Tips and tools for simulating a complex network in a virtual lab

When I started out writing books for IT professionals many years ago, I knew I needed lots of hands-on experience to make them useful. I gained some of that experience firsthand working as a LAN admin and webmaster and doing consulting. I gained additional experience second-hand from the on-the-job experience of other IT pros I had contact within our community and as I traveled around. But most of the experience I had with new products was gained in the lab I built, which was originally located in one of the guest bedrooms of our home. By using computers and networking gear I bought or scrounged, mostly second-hand to keep expenses down, I built physical networks that mirrored the kinds of production networks used for deployments, messaging, clustering, load-balancing, and even WAN links. Then along came VMware and Hyper-V and pretty soon I retired most of my physical systems for a couple of high-end RAM-heavy servers. By using these servers as virtualization hosts, I could now create complex virtual networks quickly and easily instead of having to lug heavy boxes around the room or crawl under tables untangling network cabling. Gone were most of the computers, Ethernet switches, routers, KVM boxes, and other hardware. Gone too were the dust bunnies that relentlessly collected inside them. My allergies improved a lot after that!

Advantages of a virtual network lab


Simulating physical networks by creating virtual environments that mirror them has some definite advantages, but also has some limitations you need to be aware of. The main advantage is their usefulness for testing network design concepts, and you can do this in basically two different ways: you can build a virtual network that simulates an entire physical network — or a large portion of it — though at a lower resolution of the actual physical network. Or you can build a virtual network that simulates a small portion of a physical network at a very high resolution. And while these are not theoretical limitations — in principle, you could build a virtual network that exactly mirrors the physical network you’re planning to build — the reality is that practically speaking you won’t be able to do this because of the cost of the compute and storage resources you’ll need, even though that cost will still be far less than what it would cost to build a suitable physical lab for your project.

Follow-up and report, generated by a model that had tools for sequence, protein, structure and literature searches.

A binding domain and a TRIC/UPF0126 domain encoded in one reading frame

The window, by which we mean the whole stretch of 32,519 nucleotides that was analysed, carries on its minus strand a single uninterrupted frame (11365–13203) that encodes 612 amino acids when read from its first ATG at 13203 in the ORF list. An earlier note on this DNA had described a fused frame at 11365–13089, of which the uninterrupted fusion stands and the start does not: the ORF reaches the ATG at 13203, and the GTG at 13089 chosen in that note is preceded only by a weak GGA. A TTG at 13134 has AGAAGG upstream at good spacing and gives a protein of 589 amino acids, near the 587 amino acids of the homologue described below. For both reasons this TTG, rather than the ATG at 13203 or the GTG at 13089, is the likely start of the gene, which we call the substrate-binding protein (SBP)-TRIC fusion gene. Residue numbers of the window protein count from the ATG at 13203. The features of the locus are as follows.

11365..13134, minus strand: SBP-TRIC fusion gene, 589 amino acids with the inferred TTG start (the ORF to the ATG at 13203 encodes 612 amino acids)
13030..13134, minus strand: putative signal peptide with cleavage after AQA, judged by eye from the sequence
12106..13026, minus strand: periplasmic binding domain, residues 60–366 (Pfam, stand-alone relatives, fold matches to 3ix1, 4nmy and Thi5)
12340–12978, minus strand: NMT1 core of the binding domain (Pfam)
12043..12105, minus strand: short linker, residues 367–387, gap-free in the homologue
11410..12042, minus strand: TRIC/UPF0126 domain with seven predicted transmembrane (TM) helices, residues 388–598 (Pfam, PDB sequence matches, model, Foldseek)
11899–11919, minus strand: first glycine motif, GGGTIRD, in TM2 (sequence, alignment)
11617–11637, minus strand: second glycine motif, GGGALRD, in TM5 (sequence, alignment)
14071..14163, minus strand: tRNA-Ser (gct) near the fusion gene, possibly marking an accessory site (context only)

Virtual labs are also a great way of fleshing out an emerging idea you have for network design. You can experiment with various subnetting arrangements and protocols, you can test various topologies and try out different approaches to managing your network.

Limitations of a virtual network lab

Once you’ve set up your virtual network lab you can use it to study things like the traffic patterns that your planned physical network is expected to experience. Virtual network labs are really good for doing that, they let you see what happens to the traffic flow when your design changes or when you add new systems and networks

What virtual network labs are generally not good for, however, is for performance testing, because the actual hardware used for the physical network comes into play here in a major way. For example, the firmware version of a network device may be a factor in its performance, and virtual devices can’t mirror this aspect of physical hardware. They’re also not very good when it comes to scale testing, that is, for determining how many routes or sessions you need to support different types of traffic.